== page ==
Effect of Self-Determination Theory-based strategies for staging recreation encounters on intrinsic motivation of youth residential campers

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Journal of Park and Recreation Administration






Sagamore Journals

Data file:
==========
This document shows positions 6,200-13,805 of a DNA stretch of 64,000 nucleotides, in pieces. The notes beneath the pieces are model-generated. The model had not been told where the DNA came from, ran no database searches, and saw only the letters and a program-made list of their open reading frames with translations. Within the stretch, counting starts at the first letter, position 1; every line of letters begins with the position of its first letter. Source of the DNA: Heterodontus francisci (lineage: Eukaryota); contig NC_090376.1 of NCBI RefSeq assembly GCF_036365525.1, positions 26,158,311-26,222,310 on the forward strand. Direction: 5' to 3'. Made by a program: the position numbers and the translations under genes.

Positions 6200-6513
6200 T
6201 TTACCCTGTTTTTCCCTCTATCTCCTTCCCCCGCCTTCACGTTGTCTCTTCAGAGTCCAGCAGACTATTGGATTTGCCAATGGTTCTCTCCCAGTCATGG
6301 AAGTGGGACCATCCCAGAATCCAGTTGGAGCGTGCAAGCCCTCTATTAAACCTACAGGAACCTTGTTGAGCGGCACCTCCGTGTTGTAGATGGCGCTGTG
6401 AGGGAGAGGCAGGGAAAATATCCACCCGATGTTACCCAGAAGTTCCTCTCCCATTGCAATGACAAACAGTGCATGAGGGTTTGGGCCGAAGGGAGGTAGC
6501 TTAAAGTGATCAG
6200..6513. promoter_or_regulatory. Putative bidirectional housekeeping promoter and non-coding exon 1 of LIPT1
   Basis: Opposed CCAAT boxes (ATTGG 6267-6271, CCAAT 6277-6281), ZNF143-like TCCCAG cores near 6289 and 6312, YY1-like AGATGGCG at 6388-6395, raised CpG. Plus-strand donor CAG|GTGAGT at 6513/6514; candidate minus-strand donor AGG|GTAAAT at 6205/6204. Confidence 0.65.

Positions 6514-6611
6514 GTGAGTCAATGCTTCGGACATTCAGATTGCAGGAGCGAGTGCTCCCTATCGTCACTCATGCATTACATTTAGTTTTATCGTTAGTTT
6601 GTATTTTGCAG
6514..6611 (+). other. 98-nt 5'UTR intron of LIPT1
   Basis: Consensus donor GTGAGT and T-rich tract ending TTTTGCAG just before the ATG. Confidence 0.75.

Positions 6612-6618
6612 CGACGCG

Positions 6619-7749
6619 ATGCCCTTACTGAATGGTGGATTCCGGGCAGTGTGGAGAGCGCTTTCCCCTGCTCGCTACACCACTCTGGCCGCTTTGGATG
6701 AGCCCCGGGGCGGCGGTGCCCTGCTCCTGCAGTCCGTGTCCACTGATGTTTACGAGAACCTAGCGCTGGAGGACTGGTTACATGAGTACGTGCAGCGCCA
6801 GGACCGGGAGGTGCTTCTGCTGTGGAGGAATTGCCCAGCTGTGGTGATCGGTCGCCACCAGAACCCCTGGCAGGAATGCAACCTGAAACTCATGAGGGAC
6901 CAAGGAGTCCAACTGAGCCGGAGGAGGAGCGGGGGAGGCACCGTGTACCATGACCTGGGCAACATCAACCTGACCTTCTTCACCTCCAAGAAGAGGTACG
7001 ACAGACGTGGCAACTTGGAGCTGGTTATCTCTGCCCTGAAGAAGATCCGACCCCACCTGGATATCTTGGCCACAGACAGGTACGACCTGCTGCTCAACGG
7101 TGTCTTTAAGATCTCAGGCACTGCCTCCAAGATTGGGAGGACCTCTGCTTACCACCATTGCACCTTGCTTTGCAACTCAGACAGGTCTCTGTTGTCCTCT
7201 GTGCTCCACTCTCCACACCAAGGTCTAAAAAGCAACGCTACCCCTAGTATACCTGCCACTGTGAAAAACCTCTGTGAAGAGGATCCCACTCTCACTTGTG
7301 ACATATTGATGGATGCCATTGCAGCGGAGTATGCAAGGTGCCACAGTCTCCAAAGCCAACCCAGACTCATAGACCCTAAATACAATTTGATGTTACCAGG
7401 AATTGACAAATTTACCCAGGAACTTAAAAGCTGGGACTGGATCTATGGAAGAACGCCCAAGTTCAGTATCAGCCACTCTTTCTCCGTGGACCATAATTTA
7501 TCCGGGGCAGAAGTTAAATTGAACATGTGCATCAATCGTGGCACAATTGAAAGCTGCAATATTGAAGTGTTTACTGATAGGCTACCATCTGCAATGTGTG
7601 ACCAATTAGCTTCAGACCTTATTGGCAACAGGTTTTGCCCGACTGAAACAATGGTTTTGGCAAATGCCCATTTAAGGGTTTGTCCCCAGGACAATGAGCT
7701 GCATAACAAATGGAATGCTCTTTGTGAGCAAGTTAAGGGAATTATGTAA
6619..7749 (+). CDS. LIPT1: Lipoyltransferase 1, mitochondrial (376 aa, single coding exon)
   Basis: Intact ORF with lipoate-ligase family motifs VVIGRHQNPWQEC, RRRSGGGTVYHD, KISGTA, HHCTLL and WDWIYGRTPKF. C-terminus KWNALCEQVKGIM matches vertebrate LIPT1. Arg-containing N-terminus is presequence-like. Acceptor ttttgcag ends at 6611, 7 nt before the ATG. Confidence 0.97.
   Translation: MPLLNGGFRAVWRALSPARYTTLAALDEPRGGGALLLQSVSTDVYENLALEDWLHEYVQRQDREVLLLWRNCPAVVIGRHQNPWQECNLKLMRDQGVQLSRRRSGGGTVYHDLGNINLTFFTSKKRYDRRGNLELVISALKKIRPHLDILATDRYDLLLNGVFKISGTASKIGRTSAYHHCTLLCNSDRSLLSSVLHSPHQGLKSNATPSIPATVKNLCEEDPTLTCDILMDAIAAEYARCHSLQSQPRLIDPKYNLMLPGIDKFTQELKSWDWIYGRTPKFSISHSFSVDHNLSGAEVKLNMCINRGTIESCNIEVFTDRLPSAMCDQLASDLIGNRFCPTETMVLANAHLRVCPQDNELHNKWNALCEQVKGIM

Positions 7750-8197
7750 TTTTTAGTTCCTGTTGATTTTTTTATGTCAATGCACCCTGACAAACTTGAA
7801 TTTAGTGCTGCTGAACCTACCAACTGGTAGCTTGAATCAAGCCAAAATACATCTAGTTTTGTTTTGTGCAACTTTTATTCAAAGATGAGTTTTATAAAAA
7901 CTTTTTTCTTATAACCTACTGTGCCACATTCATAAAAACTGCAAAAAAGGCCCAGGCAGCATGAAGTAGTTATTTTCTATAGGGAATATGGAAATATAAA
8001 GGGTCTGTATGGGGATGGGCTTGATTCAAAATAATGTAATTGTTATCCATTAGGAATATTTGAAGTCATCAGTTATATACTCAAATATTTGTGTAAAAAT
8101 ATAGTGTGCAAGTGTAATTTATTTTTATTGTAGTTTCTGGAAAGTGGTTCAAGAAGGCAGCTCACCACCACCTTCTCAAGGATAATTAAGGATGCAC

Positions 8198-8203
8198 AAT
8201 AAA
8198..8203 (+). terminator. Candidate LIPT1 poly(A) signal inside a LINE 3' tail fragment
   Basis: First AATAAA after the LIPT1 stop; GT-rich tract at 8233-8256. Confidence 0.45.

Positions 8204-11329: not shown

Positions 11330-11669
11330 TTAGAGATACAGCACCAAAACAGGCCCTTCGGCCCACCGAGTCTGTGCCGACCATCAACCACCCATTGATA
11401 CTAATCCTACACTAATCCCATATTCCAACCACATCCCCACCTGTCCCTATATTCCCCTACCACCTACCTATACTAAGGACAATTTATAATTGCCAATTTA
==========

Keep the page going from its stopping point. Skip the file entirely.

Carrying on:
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Parents and caregivers generally believe that the camp experiences they purchase for their children will not only yield transient pleasure and lasting memories of fun encounters, but significant developmental outcomes as well. Camp professionals serving over 11 million youths each year embrace such outcomes and commonly advance mission statements that point to the development of friendship skills, self-confidence, competence, self-reliance, independence, citizenship, and many other developmental outcomes. Empirical evidence of how these outcomes might be facilitated through specific recreation leadership strategies (e.g., activity staging) is lacking. The Self-Determination Theory (SDT) would suggest that youth leaders (e.g., camp counselors, recreation activity specialists) could attend to competence, relatedness, and autonomy in staging experiences for the outcome of intrinsic motivation. Such evidence is essential if immediate conscious experiences of campers are to be optimized and stable outcomes to campers are to be expected. Thus, this study examined the effect of three strategies for staging a recreation encounter on intrinsic motivation of youth attending a residential summer camp. Youth participated in a storytelling activity on three occasions, with each occasion staged differently by leaders. One of the staging strategies included a technique intended to elicit high degrees of autonomy, along with competence. A second strategy was designed to evoke autonomy and relatedness, and a third condition represented a traditional model (i.e., competent tutor) for staging encounters in organized recreation settings. A significant effect was found for the contrast of the combined autonomy conditions (representing autonomy support) vs. the competent tutor condition. This finding is particularly important to camp practitioners. This applied test of Self-Determination Theory-based conditions presents evidence to practitioners that providing recreation encounters that foster the three basic psychological needs of competence, relatedness, and autonomy are more likely to increase intrinsic motivation compared to a traditional method (i.e., competent tutor). Accordingly, staff of youth serving programs might implement strategies derived from Self-Determination Theory in the stream of daily recreation activities to facilitate camper acquisition of intrinsic motivation. For instance, the detailed scripts in this study are a model of how to stage recreation encounters (i.e., storytelling activity) to increase intrinsic motivation of campers. Specifically 2 during the storytelling activity, the autonomy-supportive leaders 1) paused to allow time for responses, 2) provided specific, meaningful feedback to encourage effort, and 3) verbally acknowledged campers’ perspectives.

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